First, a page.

South Australian Department of Education confirmed that the student had attended while potentially infectious and that the Woodville high school is currently undergoing deep cleaning and while remaining closed for contact tracing until further notice.
Anyone who attended the site on Monday was urged immediately to isolate with all members of their household.
Deputy Chief Public Health Officer Mike Cusack said he believed the case was part of the Parafield cluster, which was sparked after a cleaner and two security staffs contracted the virus from a returned traveller at Peppers medi-hotel, an Adelaide quarantine hotel.
“We do believe the case is linked to the Parafield cluster and does not represent unknown transmission into the community,” Cusack told ABC radio on Thursday.
Contract tracers had been working overnight to determine the source of the infection, he said.
“The link that we’re looking at, at this stage, is the pizza bar,” he added.
SA Chief Health Officer Nicola Spurrier also believed that the student have contracted the virus at Woodville Pizza Bar, where she picked up a pizza on Nov. 14. Spurrier said the young girl “has done absolutely nothing wrong”, encouraging as many people in Woodville area to get tested as possible.
“It is very important for anybody now in that Woodville area, particularly if you have frequented that pizza bar, go back to our web site and look at the dates where we know there were people infectious and absolutely think do I need to get tested?”, she told The Guardian.
The student’s case would take the Parafield cluster to 30 cases.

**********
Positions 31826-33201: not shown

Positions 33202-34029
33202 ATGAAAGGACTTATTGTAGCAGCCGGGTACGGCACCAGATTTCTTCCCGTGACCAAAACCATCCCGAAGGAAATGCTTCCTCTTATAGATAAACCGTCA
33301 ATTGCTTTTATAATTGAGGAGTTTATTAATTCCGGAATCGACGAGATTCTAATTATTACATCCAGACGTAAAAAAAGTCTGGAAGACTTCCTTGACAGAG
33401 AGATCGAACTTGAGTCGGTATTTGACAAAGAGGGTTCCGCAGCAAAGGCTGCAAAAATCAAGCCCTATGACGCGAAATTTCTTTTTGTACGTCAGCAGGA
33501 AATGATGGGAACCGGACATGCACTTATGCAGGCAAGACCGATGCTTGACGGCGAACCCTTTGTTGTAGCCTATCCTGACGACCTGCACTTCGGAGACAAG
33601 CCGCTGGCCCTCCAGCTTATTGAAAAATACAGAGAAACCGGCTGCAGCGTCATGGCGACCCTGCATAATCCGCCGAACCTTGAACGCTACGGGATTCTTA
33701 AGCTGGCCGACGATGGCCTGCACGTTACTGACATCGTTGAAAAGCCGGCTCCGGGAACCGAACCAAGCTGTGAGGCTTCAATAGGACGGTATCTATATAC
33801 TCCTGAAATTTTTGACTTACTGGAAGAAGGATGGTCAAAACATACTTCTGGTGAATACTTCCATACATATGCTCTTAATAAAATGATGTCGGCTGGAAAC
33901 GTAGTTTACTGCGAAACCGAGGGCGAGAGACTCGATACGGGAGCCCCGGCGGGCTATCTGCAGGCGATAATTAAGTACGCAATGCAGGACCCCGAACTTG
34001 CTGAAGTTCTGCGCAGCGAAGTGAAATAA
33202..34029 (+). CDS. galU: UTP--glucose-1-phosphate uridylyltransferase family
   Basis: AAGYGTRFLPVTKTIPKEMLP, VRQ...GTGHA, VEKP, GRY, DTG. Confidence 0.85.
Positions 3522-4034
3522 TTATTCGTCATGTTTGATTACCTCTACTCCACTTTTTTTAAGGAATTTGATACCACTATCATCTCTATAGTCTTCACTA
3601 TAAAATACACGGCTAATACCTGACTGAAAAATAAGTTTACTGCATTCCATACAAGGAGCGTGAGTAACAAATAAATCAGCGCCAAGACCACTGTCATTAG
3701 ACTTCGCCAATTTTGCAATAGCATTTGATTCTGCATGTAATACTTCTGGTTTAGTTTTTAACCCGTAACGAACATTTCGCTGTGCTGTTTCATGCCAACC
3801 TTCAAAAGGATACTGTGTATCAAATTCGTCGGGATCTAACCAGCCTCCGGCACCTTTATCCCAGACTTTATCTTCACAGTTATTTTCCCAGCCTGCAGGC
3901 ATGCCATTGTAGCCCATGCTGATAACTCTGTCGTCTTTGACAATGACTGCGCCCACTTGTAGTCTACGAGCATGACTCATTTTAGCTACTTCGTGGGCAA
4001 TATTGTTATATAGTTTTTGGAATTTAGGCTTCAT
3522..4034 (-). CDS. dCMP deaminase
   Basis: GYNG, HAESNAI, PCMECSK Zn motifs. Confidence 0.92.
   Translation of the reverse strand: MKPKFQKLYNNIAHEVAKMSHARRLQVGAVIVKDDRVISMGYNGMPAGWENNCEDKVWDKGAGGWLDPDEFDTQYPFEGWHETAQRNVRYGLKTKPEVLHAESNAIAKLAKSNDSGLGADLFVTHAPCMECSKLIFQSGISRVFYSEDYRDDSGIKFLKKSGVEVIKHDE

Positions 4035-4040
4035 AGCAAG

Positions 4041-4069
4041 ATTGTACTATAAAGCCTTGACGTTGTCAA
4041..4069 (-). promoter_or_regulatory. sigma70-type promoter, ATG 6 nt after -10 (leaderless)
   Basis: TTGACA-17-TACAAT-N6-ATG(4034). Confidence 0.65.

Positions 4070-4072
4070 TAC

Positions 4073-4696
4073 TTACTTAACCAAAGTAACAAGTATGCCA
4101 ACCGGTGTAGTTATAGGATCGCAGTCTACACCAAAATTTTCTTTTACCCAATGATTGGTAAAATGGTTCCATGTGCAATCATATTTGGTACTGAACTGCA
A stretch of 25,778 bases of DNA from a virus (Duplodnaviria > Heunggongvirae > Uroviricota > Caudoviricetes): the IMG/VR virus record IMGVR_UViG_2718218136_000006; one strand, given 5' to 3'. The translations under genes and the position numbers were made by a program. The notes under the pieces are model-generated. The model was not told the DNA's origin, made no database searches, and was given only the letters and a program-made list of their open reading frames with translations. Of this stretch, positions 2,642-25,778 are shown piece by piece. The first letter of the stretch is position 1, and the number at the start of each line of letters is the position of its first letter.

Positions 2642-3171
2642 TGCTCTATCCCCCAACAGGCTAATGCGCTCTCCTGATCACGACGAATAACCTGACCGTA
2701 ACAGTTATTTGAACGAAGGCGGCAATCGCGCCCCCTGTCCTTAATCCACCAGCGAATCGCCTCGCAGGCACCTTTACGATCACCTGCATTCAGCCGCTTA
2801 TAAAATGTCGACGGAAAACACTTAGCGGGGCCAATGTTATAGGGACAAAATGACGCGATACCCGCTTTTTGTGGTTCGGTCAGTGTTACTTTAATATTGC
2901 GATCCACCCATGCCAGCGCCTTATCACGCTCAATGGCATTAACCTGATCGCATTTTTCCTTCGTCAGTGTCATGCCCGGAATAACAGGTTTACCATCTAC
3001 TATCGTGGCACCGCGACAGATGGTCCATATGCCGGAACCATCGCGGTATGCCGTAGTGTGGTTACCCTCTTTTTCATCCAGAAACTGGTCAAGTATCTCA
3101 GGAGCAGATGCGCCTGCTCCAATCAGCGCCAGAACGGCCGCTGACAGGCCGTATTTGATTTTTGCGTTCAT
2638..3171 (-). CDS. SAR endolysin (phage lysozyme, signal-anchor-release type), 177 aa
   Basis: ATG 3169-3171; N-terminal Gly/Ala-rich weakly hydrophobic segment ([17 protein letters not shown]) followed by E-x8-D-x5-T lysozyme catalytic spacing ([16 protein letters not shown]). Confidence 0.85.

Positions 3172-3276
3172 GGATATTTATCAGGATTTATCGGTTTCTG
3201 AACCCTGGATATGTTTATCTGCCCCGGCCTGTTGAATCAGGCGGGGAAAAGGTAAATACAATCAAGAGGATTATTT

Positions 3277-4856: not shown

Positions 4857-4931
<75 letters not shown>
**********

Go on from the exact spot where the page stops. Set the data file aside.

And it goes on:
One of the security guards had allegedly told contact tracers that he had only purchased food from the Woodville pizza bar, causing authorities to believe that thousands of people could have contracted the virus when picking up food from the pizza shop. It later became clear that he had worked there.
In light of the latest cluster, the SA government resolved to make sweeping reform to the hotel quarantine system where anyone testing positive, including overseas arrivals, will be moved to a dedicated health facility.
Premier Steven Marshall said all security at the school will be provided by police, and staff will not be allowed to work at other high-risk locations, including prisons and aged care centres.
He will also ask national cabinet to consider testing all Australian returning from overseas before they are allowed to board their flights, in addition to a negative test required before any travel permission is given.
“We continue to act swiftly and decisively based on the expert health advice,” the premier said.
“What we must do is put as many shields here between the virus and South Australia.”